How can you grow your career as a woman in science? In line with CABI’s strategic goals to empower women, we’ve interviewed a series of professionals who’ve worked or collaborated with CABI to share how they got to their current position, giving tangible advice to others looking to grow their careers.
In today’s blog, we talk to Kate Constantine – a Project Scientist at CABI focusing on the biological control of weeds and the socio-economic work relating to invasive species. Recently she’s been involved in CABI’s global Action on Invasives programme, and has published multiple papers on the use of biopesticides and cost of invasive species.
What’s your definition of a Project Scientist?
My role as a Project Scientist at CABI contributes to protecting and improving the livelihoods of rural communities through environmentally sustainable, regional, and cross-sectoral approaches to managing invasive species.
I’m particularly interested in cross-disciplinary work and the linkages between the natural and social sciences which has resulted in me developing an involvement in a wide range of projects from classical biological control in the UK through to work with smallholders whose livelihoods are being impacted by invasive alien species.
What does an average day look like in your role?
My work can vary greatly. I have periods when I’m at my desk designing surveys to assess the impact of invasive species on livelihoods which is subsequently followed by long periods of time analyzing incoming data. For some projects I get to take part in the surveys which often involves long days in the field talking to farmers and really getting to understand the issues they are facing on a daily basis. I also work on biological control projects which includes sourcing and growing test plants and conducting host range testing in our quarantine laboratory.
What do you most enjoy and find most challenging about your job?
I really enjoy the variety of work and having the opportunity to follow my research interests. I feel really lucky to work with experts in the invasive alien species and social science fields and enjoy learning and developing my knowledge. I also really like the fact that I have been able to branch out and work on projects focused on understanding more of the social aspects of invasive species.
It can be challenging to be involved in many projects where there is often a lot of work and time is always limited!
Are there any parts of your job that you didn’t expect to be part of the role when you first started?
When I started I was part of a team conducting field surveys of natural enemies for aquatic weeds and never imagined I’d be searching for weevils from a rubber dingy or in waders at dusk in a South American pond! The learning opportunities are immense and I feel lucky to have been able to attend and even present at some international conferences.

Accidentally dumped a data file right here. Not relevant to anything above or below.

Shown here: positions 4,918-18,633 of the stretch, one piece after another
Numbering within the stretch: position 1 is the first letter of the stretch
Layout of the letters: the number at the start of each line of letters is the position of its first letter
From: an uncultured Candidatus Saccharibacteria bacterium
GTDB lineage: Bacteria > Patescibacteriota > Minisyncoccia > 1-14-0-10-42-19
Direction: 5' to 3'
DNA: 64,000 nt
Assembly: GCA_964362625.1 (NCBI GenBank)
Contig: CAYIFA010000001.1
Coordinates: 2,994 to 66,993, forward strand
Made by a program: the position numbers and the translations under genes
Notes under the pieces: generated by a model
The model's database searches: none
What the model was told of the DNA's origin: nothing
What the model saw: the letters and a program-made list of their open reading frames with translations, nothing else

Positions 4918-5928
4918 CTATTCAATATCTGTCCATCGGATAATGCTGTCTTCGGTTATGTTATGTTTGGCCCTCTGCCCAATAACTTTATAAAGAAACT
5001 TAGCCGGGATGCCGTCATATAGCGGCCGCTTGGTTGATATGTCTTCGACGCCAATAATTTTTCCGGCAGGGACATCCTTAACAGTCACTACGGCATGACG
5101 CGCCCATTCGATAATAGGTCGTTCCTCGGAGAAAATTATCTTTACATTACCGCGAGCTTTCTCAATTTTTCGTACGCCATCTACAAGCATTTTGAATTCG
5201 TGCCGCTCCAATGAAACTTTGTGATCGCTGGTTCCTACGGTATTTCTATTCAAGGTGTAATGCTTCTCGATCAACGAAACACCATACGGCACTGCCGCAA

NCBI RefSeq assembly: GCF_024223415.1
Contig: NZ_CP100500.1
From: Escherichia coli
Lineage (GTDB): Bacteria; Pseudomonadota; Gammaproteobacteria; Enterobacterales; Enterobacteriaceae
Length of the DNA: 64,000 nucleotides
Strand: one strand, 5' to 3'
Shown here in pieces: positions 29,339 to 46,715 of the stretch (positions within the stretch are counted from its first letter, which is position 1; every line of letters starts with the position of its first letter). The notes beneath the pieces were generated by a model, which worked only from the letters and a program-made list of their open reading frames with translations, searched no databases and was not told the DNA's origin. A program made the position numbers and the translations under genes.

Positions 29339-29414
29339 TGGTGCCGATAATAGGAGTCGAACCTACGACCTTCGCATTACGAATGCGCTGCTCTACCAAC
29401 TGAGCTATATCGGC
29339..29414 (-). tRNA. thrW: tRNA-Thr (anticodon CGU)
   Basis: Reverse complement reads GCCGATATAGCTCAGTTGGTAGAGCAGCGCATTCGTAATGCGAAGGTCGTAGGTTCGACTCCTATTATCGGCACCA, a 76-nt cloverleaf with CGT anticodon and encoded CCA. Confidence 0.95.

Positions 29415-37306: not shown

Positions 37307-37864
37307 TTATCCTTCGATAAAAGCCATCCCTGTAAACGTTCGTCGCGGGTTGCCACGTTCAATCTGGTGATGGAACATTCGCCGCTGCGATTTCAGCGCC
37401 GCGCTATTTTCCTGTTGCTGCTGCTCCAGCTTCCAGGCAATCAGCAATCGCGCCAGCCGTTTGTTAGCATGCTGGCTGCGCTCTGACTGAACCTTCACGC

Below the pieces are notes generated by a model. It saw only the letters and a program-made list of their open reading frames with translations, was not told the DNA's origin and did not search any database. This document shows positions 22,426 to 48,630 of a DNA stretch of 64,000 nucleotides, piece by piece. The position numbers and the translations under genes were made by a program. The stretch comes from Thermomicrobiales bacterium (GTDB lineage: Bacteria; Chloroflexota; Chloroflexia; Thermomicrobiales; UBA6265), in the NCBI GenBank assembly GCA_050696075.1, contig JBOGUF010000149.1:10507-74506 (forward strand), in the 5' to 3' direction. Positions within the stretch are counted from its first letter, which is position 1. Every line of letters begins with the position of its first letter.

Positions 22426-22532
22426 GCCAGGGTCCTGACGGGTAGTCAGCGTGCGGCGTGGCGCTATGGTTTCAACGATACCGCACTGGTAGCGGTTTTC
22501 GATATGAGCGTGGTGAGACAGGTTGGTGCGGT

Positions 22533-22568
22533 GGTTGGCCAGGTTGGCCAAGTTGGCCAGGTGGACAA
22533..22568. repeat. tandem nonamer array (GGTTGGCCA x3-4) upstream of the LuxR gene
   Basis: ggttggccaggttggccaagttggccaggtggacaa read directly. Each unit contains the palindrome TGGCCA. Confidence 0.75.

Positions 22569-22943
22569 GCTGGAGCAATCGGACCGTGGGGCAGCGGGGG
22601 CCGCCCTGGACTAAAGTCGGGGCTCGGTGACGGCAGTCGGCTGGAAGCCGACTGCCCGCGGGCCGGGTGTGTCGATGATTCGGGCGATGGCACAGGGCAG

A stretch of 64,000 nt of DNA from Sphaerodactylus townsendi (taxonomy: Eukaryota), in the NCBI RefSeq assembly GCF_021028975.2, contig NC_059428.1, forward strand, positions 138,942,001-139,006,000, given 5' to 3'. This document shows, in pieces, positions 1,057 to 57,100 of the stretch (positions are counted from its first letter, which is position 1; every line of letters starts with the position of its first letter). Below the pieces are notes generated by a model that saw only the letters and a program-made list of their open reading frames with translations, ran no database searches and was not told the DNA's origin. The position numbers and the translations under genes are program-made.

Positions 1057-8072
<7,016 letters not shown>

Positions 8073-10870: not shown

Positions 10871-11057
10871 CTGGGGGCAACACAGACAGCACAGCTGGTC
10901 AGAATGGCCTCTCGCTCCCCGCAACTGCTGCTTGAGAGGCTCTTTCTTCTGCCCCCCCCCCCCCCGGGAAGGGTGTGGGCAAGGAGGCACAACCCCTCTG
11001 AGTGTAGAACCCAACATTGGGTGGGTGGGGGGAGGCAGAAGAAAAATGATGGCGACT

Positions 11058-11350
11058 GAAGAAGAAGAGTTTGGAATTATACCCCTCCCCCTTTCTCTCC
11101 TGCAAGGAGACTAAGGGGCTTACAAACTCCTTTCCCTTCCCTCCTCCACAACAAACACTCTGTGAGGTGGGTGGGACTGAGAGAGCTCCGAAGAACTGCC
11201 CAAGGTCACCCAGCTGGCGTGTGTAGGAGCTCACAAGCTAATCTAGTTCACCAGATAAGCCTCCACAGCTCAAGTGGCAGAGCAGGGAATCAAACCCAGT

How did you get where you are now? Looking back, is there anything you’d do differently?
I first heard of and worked with CABI as part of my undergraduate research project investigating the use of a mite-pathogenic fungus as a biological control agent for the economically important coconut mite. After graduating I worked in the environmental protection of watercourses which gave me valuable work experience. However, I knew that I wanted to go into research so I enrolled on a part-time MSc in Sustainable Development. I then applied to CABI and started in a Scientific Support role working on biological control projects for Japanese knotweed and floating pennywort, alongside completing my MSc studying invasive plants and resilience in social-ecological systems.
Looking back, I’d say that getting to know other aspects of CABI’s work and networking with other teams/departments is really important. Since I’ve been with CABI a Social Science group has been established which has really helped to highlight the importance of, and promote, social science work within the organization.
What advice would you give to someone looking to do this role in the future?
Get experience in what you’re interested in and take any opportunities. You can gain experience by working in different areas where you can develop understanding from various perspectives. Ultimately however it is essential to develop your own skill-set and ensure others know what you do through networking.
Where do you want to go next?
Much of my time now is focused on projects under CABI’s Plantwise Plus programme. I’m currently involved in a study is investigating smallholder farmers’ knowledge and attitudes towards biological control, and another study where we are completing a socio-economic survey to understand the impact an invasive alien species on smallholder rice farmer livelihoods. I’m also working on a biological control project for parrot’s feather, where we are conducting host-range testing of a potential biological control agent.
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